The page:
Wyatt specifically wants to know how cheetahs run, and it’s definitely worth going into. The cheetah is incredibly well-adapted for high-speed hunting. It looks more like a greyhound than a big cat, with a deep chest and long slender limbs. The deep chest allows room for the cheetah’s oversized heart and lungs. It also has large nasal passages so it can get plenty of oxygen with every breath. Its long tail acts as a rudder, helping it turn quickly without slowing down. The cheetah also can’t retract its claws all the way like most felids. It can extend the claws somewhat, but they’re always partially extended. This means the cheetah has better traction, since the claws bite into the ground as it runs.

But there are other adaptations that aren’t so obvious. Its leg bones are arranged so that they’re more stable, reducing the risk of a cheetah putting a foot down wrong and wrecking. The cheetah’s spine is long and flexible, and it actually stretches as much as 30 inches, or 76 cm, while the animal is running, to give it an even longer stride.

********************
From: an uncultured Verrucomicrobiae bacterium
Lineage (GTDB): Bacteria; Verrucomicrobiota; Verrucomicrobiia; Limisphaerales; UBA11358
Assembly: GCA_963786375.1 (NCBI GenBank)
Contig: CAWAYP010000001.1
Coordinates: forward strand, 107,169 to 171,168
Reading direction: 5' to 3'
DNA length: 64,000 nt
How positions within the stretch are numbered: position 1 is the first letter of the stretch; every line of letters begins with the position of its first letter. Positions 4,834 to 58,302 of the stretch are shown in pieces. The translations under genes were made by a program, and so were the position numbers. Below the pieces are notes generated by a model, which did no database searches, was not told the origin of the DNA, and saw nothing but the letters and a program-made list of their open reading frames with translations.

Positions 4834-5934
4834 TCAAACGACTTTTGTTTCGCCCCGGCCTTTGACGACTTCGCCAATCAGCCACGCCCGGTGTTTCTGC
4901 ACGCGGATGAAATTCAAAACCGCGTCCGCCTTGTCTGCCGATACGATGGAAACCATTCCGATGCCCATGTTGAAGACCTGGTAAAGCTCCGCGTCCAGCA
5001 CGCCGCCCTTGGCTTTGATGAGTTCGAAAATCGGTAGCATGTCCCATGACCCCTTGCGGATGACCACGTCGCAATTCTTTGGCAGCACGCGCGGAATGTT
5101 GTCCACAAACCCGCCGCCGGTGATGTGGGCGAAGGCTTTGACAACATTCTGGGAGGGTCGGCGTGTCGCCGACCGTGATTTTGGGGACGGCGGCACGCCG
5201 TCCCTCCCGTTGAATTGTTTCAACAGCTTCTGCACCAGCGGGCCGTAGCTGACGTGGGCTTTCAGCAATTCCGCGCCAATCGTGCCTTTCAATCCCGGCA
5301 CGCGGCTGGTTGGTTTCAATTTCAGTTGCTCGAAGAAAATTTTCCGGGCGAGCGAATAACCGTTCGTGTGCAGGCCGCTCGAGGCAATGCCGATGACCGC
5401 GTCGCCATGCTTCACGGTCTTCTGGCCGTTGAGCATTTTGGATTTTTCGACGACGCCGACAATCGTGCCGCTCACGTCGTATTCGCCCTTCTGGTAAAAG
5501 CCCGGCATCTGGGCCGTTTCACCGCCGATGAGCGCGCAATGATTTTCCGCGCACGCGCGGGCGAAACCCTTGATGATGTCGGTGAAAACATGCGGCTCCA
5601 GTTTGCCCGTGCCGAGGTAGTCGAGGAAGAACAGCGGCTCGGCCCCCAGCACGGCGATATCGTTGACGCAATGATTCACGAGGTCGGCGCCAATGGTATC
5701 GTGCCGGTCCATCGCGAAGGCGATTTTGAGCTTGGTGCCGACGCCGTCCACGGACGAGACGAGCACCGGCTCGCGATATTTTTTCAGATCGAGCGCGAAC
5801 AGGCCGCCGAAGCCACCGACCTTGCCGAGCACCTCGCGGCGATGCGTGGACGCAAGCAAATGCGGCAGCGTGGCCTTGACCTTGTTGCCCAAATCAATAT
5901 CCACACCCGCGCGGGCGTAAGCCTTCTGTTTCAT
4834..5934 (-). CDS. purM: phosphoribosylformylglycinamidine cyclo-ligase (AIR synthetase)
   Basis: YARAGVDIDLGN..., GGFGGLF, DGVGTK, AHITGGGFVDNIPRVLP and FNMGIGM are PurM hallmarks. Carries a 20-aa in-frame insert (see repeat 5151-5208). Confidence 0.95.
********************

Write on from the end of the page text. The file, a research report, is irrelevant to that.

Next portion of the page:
Its inner ear is also unique. The inner ear is what allows a mammal to balance and move without getting disoriented or falling over. The inner ear consists of three tiny canals filled with fluid and sensory hair cells. The canals are oriented in different directions, so when you move your head around, the liquid in the canals moves too, and the sensory cells tell the brain which direction the liquid is moving, and the brain puts it all together and then you know exactly where you head is in comparison to the ground. And the best thing of all is, you don’t actually have to think about it, your brain just does it automatically. That’s good, because it sounds really complicated.